Monday, December 21, 2009

The Writer's Path

The writing path is the journey of a lifetime - fraught with discovery and discouragement. We can avoid some of its pitfalls if we define that path early on. Today, I want to share some insights into my writing journey.

This time of year, with Christmas and New Year's close at hand, my thoughts turn backward as I evaluate the past year and prepare for the next one. I've given up New Year's Resolutions completely and find the freedom from those expectations a major relief.

But I have implemented something else instead.  My husband and I spend some time looking back at our spiritual markers. We look at them individually, as a couple and as a family. I also look at them in regard to my past year as a writer.

This is particularly helpful because the definition of the writer's path is so unique and varied. In the past I've had trouble evaluating my progress because I was comparing my journey to someone else's. To begin the process, I start with some basic questions.

  • What were some of my writing highlights of the year? (Not necessarily the most lucrative, but the most rewarding)
  • What are some of my writing setbacks for the year?
  • What writing advice stands out in my mind seems to apply directly to me?

As I map out these spiritual markers, the path God has had me on becomes quite clear. And, by knowing where I've been, it becomes clearer where to go next. I'd love to hear some of your answers to these questions. I'll be posting mine later this week.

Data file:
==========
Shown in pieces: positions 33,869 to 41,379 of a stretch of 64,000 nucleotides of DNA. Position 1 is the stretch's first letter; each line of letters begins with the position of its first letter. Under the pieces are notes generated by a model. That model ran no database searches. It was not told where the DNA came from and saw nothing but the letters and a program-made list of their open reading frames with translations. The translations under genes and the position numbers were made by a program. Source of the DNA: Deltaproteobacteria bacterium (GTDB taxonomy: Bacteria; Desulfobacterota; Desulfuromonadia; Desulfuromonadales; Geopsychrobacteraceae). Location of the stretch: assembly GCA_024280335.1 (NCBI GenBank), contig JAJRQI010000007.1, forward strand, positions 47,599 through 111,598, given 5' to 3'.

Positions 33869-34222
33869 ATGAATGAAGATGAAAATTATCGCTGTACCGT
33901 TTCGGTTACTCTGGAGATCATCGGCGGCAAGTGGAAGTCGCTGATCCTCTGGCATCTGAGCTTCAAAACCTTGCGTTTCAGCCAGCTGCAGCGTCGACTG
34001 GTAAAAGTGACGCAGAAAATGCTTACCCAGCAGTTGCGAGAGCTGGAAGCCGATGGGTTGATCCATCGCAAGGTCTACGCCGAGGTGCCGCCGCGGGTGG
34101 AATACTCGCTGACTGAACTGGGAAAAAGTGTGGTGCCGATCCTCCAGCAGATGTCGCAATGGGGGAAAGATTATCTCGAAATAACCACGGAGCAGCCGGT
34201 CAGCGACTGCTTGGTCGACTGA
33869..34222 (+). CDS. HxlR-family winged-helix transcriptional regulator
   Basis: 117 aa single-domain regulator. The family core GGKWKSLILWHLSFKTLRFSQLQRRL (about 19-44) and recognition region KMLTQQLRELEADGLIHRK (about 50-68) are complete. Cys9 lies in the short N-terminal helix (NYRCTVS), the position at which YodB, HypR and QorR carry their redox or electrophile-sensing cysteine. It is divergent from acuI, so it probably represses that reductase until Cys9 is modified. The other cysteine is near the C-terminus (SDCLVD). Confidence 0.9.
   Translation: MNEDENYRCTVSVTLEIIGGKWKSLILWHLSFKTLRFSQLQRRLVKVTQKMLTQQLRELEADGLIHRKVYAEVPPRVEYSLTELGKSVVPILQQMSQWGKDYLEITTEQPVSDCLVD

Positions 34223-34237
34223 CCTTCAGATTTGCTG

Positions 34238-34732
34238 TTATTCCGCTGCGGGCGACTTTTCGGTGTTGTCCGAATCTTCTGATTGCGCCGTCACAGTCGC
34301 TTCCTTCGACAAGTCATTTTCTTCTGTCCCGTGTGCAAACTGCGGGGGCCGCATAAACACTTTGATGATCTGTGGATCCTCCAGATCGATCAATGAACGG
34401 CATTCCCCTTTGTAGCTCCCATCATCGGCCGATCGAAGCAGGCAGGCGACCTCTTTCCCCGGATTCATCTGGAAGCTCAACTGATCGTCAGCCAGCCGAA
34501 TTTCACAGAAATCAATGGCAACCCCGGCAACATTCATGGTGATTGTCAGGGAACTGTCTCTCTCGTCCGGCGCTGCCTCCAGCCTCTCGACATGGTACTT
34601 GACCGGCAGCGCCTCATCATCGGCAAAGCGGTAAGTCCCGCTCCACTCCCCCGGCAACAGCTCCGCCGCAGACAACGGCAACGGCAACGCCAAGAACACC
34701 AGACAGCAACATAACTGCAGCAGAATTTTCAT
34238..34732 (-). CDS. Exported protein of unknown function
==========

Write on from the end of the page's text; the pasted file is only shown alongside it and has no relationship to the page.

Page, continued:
Merry Christmas and A Happy New Year!

Friday, December 11, 2009

Mastering Your Dream

When someone asks me what I do or where I work, I always hesitate to mention that I’m a writer. Not because I’m ashamed of it or think I’m not worthy to be called a writer, but because it often leads to some frustrating conversations. Let me see if any of you can relate to some of my experiences.

·        “I’ve always wanted to be a writer. Can you help me?”
·        “I have a book I’ve written. Can you send it to a publisher for me?”
·        “I used to write in high school, maybe you could look at a few things and tell me what you think.”
·        “I’ve been through (you fill in the blank) and want to write a book about it. Can you tell me how to get it published?”

Don’t get me wrong, there’ s nothing inherently wrong with these questions, the problem comes when I answer them. I’ve found that most people don’t really want to hear the truth – they want a shortcut to fame and fortune, not the truth.

·        There’s no shortcut to becoming a professional writer. It takes time and commitment.
·        I don’t have an inside track into getting your book published.
·        If I take the time to look at your samples, I’ll tell you the truth and that may not be what you really want.
·        It’s hard to sell a memoir or personal experience story. If you’re not incredibly famous—people probably won’t buy a story about you.

There are no shortcuts to becoming a master at your craft and writing is no different. Even exceptional talent needs time and experience to hone it into brilliance. Occasionally I come across someone who’s willing to put in the time and really learn about the craft of writing. Those individuals are a joy and I love taking time to help them. So let’s start the conversation and learn from each other!